Monthly Archives: June 2014

Wasting away in Reno-will-regret-it-ville

Watering on a hot and windy afternoon wastes 30% of the water

With apologies to Jimmy Buffett, it appears that some Renoites have few qualms about watering during hot afternoons.  Not a good idea now with Truckee River flows soon to reach pitifully small levels.  But it isn’t a good idea ever.  Why?

Never mind that the local water purveyor, the Truckee Meadows Water Authority (TMWA), says to “Shut your sprinklers off between noon and 6 p.m. from Memorial Day through Labor Day”.  A better reason to water early in the morning (4 am – 11 am) is because it is cheaper and better for your lawn, too.  Watering in the afternoon costs you money because you’re wasting at least 20-30 percent of the water coming out of your sprinklers.  During our warm and frequently windy afternoons a significant portion of your irrigation water goes directly into the air or gets blown off course onto sidewalks and driveways.  Many sprinkler systems already have way too much pressure and spray out fine mists of water that’s even more susceptible to immediate evaporation into the air.  [Click here for some tips on watering lawns.]

So keep the Truckee River flowing through town this summer – and next – by using less water, using it efficiently (no leaks or broken irrigation sprayers or floods down the gutter), and not watering in the afternoon.  You’ll save a little money, and the river and all its critters will thank you.  Really.

Watering on a hot and windy afternoon wastes 30% of the water

Watering on a hot and windy afternoon wastes 30% of the water

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Lahontan Cutthroat Trout spawn for first time since 1938

Today the RGJ’s environmental reporter Jeff Delong reported on the successful spawning of Lahontan Cutthroat Trout in the lower Truckee River in 76 years.  The fish dug spawning beds and reproduced in the Truckee River between the mouth of the river and Marble Bluff Dam.

Truckee River flows into Pyramid Lake in the summer of 2013

Truckee River flows into Pyramid Lake in the summer of 2013

The article tells the story of how we lost this valuable resource largely to the construction of the Derby Dam on the river which diverts a significant flow of the river to the Newlands Irrigation Project.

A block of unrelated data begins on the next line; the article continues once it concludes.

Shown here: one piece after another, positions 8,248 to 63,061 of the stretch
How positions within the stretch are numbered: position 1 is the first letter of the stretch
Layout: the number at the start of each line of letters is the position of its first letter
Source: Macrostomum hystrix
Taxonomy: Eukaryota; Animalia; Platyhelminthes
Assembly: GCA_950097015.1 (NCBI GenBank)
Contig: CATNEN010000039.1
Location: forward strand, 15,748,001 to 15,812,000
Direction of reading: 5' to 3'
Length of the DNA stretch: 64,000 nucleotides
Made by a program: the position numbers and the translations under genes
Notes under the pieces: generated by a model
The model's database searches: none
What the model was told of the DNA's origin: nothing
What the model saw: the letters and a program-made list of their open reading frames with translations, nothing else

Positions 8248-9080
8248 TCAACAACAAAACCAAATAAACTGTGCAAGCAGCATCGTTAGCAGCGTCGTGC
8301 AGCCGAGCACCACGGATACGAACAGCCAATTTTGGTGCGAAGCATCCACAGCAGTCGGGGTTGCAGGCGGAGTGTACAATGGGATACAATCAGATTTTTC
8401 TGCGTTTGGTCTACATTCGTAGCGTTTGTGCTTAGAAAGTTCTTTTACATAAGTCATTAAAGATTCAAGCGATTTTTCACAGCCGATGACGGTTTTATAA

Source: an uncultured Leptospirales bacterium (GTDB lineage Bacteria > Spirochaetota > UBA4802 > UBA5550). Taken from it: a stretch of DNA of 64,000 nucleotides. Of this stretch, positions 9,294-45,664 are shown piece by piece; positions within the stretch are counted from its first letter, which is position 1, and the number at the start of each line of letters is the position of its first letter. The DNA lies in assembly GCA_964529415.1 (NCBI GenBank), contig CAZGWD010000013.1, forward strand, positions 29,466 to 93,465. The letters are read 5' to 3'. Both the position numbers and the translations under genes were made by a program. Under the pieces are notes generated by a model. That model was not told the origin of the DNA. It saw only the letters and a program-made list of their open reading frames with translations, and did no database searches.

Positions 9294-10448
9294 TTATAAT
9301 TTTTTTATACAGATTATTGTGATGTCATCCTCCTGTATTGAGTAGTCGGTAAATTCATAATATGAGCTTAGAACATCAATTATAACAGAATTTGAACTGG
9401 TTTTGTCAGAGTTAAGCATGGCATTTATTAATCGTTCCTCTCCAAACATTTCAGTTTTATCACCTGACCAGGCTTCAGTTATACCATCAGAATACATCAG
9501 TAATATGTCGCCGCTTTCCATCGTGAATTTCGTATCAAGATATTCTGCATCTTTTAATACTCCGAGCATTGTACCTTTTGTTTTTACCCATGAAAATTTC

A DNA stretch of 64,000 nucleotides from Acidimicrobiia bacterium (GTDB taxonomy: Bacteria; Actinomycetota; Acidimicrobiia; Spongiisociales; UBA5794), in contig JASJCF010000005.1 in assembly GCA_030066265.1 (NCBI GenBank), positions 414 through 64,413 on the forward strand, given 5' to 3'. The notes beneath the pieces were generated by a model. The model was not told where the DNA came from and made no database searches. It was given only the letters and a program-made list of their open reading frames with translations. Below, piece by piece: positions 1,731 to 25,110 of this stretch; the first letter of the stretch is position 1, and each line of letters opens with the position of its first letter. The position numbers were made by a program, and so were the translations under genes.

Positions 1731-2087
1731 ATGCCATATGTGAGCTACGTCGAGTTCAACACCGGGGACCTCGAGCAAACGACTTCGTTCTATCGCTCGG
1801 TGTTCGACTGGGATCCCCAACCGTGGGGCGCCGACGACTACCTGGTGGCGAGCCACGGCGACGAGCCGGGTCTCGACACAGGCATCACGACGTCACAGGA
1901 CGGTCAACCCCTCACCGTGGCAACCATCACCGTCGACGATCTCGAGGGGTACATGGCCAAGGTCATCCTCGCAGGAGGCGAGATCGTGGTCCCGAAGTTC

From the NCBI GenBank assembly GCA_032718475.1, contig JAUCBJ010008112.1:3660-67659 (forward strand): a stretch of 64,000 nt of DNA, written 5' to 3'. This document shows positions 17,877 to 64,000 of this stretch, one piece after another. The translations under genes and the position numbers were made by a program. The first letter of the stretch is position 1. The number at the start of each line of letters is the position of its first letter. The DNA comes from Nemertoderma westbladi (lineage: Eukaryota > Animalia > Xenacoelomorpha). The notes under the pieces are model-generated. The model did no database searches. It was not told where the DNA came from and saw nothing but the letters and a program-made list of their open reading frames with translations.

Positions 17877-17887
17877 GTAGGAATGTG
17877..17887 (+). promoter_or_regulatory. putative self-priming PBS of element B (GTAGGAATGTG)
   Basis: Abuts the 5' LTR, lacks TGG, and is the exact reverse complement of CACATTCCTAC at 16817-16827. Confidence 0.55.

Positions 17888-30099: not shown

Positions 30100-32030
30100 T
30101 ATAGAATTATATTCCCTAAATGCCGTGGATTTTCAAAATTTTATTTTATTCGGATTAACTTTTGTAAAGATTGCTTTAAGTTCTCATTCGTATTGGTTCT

We can only hope that the river and the fish can now thrive once again in the 21st century.

Lahontan Cutthroat Trout

Lahontan Cutthroat Trout mount at Sutcliff

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Conserve now. Don’t wait for TMWA to ask.

Water runs off over-irrigated lawn in Reno

Perhaps you read the editorial opinion published in the RGJ May 27, 2014 by the GM of the Truckee Meadows Water Authority (TMWA – pronounced TUM-WA – now doesn’t that sound nice?).  Therein the GM declared that the severe and continuing drought was absolutely no reason to conserve water here in the good ol’ Truckee Meadows anytime soon.  Astonishing though it is, that is what he said.

Cleverly entitled “Utility set to meet water needs”, he begins by saying that “everyone is talking about the drought.”  But then he asks “Why not ask for more conservation now?”  Then tells us that “TMWA is prepared to meet the water needs of our customers”, that is, without conservation until the river becomes stressed and flow drops below “mandated” levels.  So when should you conserve?  Not now for heaven’s sake!   In other words, use as much water as you want and we’ll let you know when to conserve – wink, wink.  Implied, but not said is, “please don’t conserve water and keep our revenues up.”  Conservation be damned!

The GM softens his conservation-can-wait message with a paragraph about we’ve-been-through-these-challenges-before and drought-is-a-natural-occurence and as-a-desert-based-utility-TMWA-plans-for-dry-years.  

The essence of the message the GM is conveying?  Use as much water as you need and if you feel like it pray for snow next year.

The GM will use “upstream drought reserves” and “groundwater” to meet your needs later – even if you would be more than happy to conserve (and save a little money) right now.

Of course, Reno averages only 7″ of precipitation a year making us one of the driest places on the planet. Never mind that this year we’re under 5″ and the Sierra runoff will be 25% of average in many locales.  Nevertheless, the GM doesn’t think that a 14 year dry spell is any reason to call for conservation of water anytime soon.  Use what you need to.  Never mind that this drought represents one of the worst dry spells for perhaps half a millennia. After all TMWA is prepared for your business.

Drought Monitor May 27, 2014

Drought Monitor May 27, 2014

Wouldn’t it be nice if the GM were more practical?  more thoughtful?  more likely to err on the side of caution?  more like a leader who needs to be honest with 300,000 people who already know that there is a serious drought and are prepared to respond?  Who prefer to see water in the river rather than evaporating on their sidewalk?

Conservation has to be taught every day of the year to remind all of us that every drop of water we use takes that drop of water from our lakes, river, streams, wetlands, and springs and the wildlife that depends on them.  Conservation should be the main thing that TMWA talks about – as a “desert based utility”.  Conservation is more than reporting “water waste”.  It is the way westerners and the environment we all depend on can survive in a changing climate; a climate that is getting both hotter and drier.

Water running off automatic sprinkler system - a common sight throughout Truckee Meadows.

Perhaps the GM could lead and call for conservation every day of the year for the simple reason that we live in a desert.

 

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